There is a culture of fragmentation that undermines education and learning and it is driven by a kind of ideology that push people into thinking in polarities, a thought form that elevates disconnection into an intellectual virtue. This way of thinking (using dichotomies) is so embedded in our educational system that we rarely escape it, even if we try. But the Nobel Prize winning physicist, Niels Bohr offers a keystone to overcome this condition when he stated that the opposite of a true statement is a false statement, but the opposite of a profound truth can be another profound truth. With a few well-chosen words, Bohr defines a concept that is essential to thinking the world together and that is the concept of paradox. In certain circumstances, truth is found not by splitting the world into either-ors but by embracing it as both-and.
In certain circumstances, truth is the paradoxical joining of apparent opposites, and if we want to know that truth, we must learn to embrace those opposite as one. In the real world there are choices to be made between truth and false, and choice that must be informed by fact and reason. If the question before us is whether a particular kind of dog is a dog or a kind of cat we can examine its pedigree in full confidence that cannot be both and that certain attributes will reveal what really is.
The point made by philosophers suggests another realm of knowing where expressing reality in a form of dichotomy can be misleading and very far away from a profound truth. From this perspective if we want to know what is essential, we must stop thinking the world into pieces and start thinking it together again.
Profound truth, rather than a traditional empirical fact, is the stuff of which paradoxes are made. And this is by no means an exotic, exoteric or abstract expression. We encounter profound paradoxes every day simply because we are human, for we are paradoxes that breathe. How many times I have shared with some friends that are after my daily consistency that breathing is a form of form of paradox, requiring inhaling and exhaling to be whole.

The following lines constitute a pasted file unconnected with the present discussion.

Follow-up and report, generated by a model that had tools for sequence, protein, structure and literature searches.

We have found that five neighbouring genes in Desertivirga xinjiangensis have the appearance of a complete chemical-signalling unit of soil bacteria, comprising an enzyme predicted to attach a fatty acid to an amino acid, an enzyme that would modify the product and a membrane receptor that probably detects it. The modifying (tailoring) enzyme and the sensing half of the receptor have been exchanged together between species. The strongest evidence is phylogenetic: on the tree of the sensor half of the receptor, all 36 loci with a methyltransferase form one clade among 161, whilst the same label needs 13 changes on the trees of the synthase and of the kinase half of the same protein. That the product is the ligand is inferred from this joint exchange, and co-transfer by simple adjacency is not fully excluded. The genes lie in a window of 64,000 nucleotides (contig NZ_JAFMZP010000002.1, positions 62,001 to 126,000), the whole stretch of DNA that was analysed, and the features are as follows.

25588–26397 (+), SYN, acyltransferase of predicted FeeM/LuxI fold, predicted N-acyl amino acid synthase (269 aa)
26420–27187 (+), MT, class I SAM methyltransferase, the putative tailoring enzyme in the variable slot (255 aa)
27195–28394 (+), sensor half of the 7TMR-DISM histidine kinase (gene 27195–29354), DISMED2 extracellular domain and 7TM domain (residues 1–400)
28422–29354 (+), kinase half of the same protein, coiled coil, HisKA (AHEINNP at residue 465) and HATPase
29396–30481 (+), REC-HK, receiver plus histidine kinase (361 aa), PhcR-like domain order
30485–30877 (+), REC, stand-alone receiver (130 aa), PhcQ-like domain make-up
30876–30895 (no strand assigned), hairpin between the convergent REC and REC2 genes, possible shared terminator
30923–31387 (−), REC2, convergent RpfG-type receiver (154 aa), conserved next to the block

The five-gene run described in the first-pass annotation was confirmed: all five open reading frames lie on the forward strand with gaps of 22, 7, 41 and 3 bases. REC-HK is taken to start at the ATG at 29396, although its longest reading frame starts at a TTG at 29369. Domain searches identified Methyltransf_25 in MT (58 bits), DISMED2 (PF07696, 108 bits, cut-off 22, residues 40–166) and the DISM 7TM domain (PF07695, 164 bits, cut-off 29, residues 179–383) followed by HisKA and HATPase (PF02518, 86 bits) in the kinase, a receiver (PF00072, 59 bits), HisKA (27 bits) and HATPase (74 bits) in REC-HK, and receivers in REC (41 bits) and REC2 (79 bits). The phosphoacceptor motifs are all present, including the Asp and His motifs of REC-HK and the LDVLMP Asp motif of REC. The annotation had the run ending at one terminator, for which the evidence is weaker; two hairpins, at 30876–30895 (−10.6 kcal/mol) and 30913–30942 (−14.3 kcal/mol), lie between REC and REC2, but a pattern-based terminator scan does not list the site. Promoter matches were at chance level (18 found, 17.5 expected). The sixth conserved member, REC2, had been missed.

There a few profound truths about education and learning that can only be expressed only as paradoxes. (1) The knowledge that is gained through the many years of experience goes hand in hand with the sense of being an amateur at the start of any new project. (2) The in ward and invisible sense of identity becomes known to the subject, only as it manifests itself in the exchanges with external and visible others. (3) Good education comes from meaning and not technique, but if we allow identify to guide the path toward an integral technique, that can help the subject express meaning more fully. (4) Education always takes place at the crossroads of the personal and social, private and public, and if we want to educate well we must learn to couple and intersect these opposite domains. (5) Intellect works in concert with feeling and emotions, so if we hope to open somebody’s minds, we must open their emotions as well.
None of these truths about education can be approached as simple either-or, though in the daily life we constantly try to do so. I remember a distinguished academic person once telling me that we had to make a decision between being a professor or becoming a therapist, or another telling that he was a sociologist and new nothing about anthropology. Apart from recurring to the great Thorstein Veblen and his concept of trained incapacity to explain why people can’t integrate different domains to explain reality, we can said when a person is in good health if his head and heart are both in good conditions.
We have to give education the opportunity of working and integrating paradoxes that can help us thinking reality together.
Copyright 2005 QBS, Inc.